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Monday, August 14, 2006


THE CHENEY-RUMSFELD CABAL strikes again. Caught in lies over everything from Iraq to torture to domestic spying, the White House has now been caught in it's greatest deception yet--a secret proxy war against Iran. It appears that the anti-Israel nut cases may not nutty--at least about one of their contentions: the Israeli military is a proxy army for the U.S. that is supplied and supported by the taxpayers of the United States to secure U.S. economic and security interests in the Middle-East. Seymour Hersh, in the current issue of the New Yorker reveals that much of the planning for the war against Hezbollah occurred well before the July 12 snatching of two Israeli soldiers. The July 12th incident, if Mr. Hersh is right, was just an excuse for a proof-of-concept that a robust air war was the key to a war on the cheap against Iran. Wars-on-the-cheap are the Holy Grail of The Bush White House.

Sun Aug 13, 9:57 PM ET

NEW YORK (AFP) - The US government was closely involved in planning Israel's military operations against Lebanon's Hezbollah militia even before the July 12 kidnapping of two Israeli soldiers, a US magazine reported.

Pulitzer Prize-winning journalist Seymour Hersh writes in The New Yorker magazine that President George W. Bush and Vice President Dick Cheney were convinced that a successful Israeli bombing campaign against Hezbollah could ease Israel's security concerns and also serve as a prototype for a potential US preemptive attack to destroy Iran's nuclear installations.

Citing an unnamed Middle East expert with knowledge of the current thinking of the Israeli and US governments, Hersh said Israel had devised a plan for attacking Hezbollah -- and shared it with Bush administration officials -- well before the July 12 kidnappings.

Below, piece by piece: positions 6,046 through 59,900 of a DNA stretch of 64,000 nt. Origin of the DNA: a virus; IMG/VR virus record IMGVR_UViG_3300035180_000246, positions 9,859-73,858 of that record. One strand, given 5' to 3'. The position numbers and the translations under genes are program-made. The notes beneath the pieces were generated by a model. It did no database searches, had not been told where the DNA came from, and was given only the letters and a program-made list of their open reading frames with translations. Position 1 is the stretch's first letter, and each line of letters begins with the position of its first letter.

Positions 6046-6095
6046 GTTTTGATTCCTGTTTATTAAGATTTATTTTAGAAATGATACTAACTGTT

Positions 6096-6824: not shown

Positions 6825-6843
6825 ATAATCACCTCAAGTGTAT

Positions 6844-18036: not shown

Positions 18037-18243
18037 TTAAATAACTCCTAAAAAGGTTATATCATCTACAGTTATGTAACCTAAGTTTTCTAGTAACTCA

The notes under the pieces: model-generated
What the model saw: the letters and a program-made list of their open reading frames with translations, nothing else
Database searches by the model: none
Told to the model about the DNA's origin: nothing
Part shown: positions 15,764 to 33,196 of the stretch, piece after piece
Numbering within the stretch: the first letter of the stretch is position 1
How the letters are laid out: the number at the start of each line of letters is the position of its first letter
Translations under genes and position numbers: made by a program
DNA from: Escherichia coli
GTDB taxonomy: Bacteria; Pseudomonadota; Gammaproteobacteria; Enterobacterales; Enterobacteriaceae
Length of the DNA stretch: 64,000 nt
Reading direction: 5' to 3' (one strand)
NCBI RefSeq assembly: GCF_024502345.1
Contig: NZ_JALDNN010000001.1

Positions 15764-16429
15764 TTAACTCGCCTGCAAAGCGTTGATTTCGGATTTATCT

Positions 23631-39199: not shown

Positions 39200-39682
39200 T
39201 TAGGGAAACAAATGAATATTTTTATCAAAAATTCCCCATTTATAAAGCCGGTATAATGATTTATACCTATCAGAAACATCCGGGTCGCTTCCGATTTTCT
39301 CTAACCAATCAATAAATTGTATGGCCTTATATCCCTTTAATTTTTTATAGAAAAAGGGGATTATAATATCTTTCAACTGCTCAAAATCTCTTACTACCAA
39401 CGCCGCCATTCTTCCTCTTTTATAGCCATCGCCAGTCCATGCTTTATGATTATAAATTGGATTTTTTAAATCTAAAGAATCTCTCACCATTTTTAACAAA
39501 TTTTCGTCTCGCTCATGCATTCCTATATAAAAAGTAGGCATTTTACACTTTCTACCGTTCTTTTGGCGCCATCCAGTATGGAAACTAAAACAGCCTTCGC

"When they grabbed the soldiers in early July, that was then a pretext" for Israel's assault on Hezbollah, Hersh said Sunday on CNN television.

"We (the US) worked closely with them (Israel) months before, not necessarily ... knowing when it was going to happen, but when there was an incident they will take advantage of the incident, what I call a fortunate timing'," Hersh said.

"Nobody is suggesting that Israel wouldn't have done what it did without the Americans," he added.

Hezbollah responded to Israel's attacks by firing missiles into Israel to escalate the month-long conflict that killed some 1,200 people on both sides.

A UN-organized cessation of hostilities planned for Monday, it was hoped, could bring an end to the fighting.

In the article Hersh suggests the White House had several reasons for supporting an Israeli bombing campaign in Lebanon.

If Washington wanted to pursue a military attack against Iran over its nuclear program, the United States had to get rid of the weapons Hezbollah could use in a potential retaliation against Israel, he writes.

Citing a US government consultant with close ties to Israel, Hersh also reports that before the Hezbollah kidnappings, several Israeli officials visited Washington "to get a green light" for a bombing operation following a Hezbollah provocation, and also "to find out how much the United States would bear".

"The Israelis told us it would be a cheap war with many benefits," the magazine quotes the consultant as saying. "Why oppose it? We'll be able to hunt down and bomb missiles, tunnels, and bunkers from the air. It would be a demo for Iran."

US government officials have denied the charges, but Hersh defended his piece Sunday saying he had strong sources for the article which was thoroughly vetted by New Yorker editors.

"This White House will find a way to view what happened with the Israelis against Hezbollah as a victory, and they'll find a way to see it as a positive for any planning that is going towards Iran," he told CNN.

In the magazine Hersh writes that a former senior intelligence official said some officers serving with the Joint Chiefs of Staff -- a council of the president's top military advisors -- remain concerned that the administration will have a far more positive assessment of the air campaign than they should.

"There is no way that (Defense Secretary Donald) Rumsfeld and Cheney will draw the right conclusion about this," Hersh quotes the former official as saying.

"When the smoke clears, they'll say it was a success, and they'll draw reinforcement for their plan to attack Iran."

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